And he was much of the opinion that once you become seen as an expert, you need to stop and do something else. He did, regularly; He shifted from epidemiology, to compliance and then to writing about clinical trials. Once he became good at something, he stopped and moved to a new area.

We owe him a huge debt, which we repay every day when we use the tools he brought to our attention. He will be missed.

Monday, May 11, 2015

The Point of a Professor: NY Times Article

As I was reading the New York Times this morning, I came across this article: http://www.nytimes.com/2015/05/10/opinion/sunday/whats-the-point-of-a-professor.html?ref=opinion. The article is entitled “What’s the point of a professor?” It makes the biting point that there is one part of higher education that falls low on the ladder of “meaningful contacts: the professors.” I tend to agree with this article, and I note that this has been an evolutionary change since the days when I entered the chiropractic profession as an instructor at what was then National College of Chiropractic.

The article points out that while students are generally content with their teachers, they are also not very much interested in them as thinkers and mentors. In general, students are enrolled in our courses, but then they rarely have much contact with us outside of class. They show up, they may even engage in the classroom (though that is certainly not always the case), but they do not seek our counsel once class ends. There are many reasons for this, in my opinion. One is that we do not give them reason to seek us outside of class. This is a bit of “hidden curriculum,” in fact, where we may not send welcoming messages. And students view us as means to an end, the end being getting their degree. Thus, we are something to put up with, rather than to truly engage with. There is a bit of a service attitude; students are consumers and we need to make consumers happy. And there is a need to have good reviews in order to receive promotion. Sometimes good reviews can be had by making life easy for students, rather than challenging them.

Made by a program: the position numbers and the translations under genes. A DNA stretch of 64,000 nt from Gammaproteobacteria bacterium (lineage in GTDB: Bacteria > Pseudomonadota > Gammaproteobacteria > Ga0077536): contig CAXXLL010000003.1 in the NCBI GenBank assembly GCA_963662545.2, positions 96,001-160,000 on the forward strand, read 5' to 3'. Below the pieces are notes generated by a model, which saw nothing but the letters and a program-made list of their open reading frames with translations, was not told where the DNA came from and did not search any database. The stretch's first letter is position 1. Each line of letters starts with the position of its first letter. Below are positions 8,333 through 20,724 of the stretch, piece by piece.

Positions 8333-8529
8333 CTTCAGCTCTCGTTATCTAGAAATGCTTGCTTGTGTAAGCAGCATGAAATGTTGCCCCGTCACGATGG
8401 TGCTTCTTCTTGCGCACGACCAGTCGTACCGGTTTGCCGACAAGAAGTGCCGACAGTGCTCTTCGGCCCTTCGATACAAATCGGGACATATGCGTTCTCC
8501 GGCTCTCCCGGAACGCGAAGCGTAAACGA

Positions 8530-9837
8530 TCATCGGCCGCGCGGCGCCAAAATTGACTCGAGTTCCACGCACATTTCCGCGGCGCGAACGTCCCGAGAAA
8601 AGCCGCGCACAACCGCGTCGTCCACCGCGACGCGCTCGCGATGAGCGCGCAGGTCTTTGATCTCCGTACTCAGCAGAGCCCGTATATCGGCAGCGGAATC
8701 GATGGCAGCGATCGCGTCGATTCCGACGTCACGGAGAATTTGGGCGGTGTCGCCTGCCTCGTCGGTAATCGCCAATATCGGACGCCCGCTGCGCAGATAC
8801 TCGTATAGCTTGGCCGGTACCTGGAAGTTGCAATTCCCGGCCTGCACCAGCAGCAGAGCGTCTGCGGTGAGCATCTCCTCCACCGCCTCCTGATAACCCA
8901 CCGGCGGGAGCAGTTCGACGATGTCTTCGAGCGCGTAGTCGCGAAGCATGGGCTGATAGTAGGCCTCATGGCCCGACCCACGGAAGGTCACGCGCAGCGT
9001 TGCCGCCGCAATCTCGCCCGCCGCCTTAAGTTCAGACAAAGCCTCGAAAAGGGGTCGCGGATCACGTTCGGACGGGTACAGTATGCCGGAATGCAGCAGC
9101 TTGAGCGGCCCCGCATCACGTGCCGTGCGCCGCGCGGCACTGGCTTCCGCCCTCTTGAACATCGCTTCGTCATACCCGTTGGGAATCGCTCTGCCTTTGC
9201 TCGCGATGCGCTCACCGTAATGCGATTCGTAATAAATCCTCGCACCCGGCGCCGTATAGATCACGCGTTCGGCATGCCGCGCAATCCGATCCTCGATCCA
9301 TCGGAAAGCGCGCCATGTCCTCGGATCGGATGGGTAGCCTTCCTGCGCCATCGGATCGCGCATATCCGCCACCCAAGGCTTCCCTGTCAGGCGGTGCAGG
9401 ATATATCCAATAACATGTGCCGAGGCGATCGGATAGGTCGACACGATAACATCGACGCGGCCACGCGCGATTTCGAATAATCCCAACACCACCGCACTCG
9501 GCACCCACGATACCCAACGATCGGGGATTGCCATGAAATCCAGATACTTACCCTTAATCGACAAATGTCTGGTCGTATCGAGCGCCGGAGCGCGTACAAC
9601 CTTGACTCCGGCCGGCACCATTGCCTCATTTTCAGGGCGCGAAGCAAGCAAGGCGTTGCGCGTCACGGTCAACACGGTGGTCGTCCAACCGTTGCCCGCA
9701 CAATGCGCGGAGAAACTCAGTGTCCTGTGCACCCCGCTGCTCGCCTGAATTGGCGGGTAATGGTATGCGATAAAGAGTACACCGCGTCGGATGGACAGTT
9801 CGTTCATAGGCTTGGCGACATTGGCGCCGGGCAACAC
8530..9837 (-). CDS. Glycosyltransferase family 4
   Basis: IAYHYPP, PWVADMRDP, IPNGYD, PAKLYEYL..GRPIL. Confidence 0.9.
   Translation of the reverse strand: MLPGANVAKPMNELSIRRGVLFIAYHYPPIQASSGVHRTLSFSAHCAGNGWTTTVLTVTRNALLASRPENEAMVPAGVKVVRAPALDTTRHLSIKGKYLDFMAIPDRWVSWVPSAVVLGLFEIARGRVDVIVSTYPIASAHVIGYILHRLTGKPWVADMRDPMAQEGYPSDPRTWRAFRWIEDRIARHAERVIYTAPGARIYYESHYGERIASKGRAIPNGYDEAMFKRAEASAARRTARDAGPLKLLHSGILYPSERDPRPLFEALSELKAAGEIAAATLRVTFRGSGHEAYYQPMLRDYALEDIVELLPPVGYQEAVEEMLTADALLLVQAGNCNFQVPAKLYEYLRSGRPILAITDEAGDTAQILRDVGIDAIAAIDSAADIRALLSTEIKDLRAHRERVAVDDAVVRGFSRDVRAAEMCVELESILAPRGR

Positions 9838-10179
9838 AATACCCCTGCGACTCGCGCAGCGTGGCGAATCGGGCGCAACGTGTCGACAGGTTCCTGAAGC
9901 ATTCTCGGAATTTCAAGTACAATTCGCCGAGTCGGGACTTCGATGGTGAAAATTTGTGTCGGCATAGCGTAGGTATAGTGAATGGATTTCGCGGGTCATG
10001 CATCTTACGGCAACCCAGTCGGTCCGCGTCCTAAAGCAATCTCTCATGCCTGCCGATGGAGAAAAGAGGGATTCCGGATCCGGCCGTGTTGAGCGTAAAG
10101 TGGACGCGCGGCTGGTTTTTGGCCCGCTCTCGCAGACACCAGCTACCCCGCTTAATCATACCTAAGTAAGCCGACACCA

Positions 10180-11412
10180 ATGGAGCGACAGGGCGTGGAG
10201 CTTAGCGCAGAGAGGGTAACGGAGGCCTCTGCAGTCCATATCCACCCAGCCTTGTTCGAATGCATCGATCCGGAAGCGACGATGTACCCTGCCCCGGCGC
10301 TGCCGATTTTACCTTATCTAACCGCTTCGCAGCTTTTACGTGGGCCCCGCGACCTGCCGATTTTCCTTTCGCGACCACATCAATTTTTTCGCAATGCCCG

Beyond that is the wild world of the internet. I have never gone to- and never will- the website rateyourprofessors.com. What good would come of it? The only reason I can think of to visit that site as a student would be to berate an instructor. In chiroprac6tic education, that could be fore reasons having nothing to do with teaching skills. It could be because of differences in philosophy, for example. But places such as yikyak are growing in size and influence. They place professors into difficult situations- you cannot respond since the system is designed to be anonymous.

In this new world, we need to find ways to reach students. I do not see students myself as a teacher until 9th trimester. By the time I see them, they are nearly gone, so there is little time to develop long-term relationships. I cannot act as a moral exemplar for them save for the 15 weeks I have them in class before they leave the college. We need to find ways to provide such interactions very early in their time at the college. Work for us all.
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Monday, May 4, 2015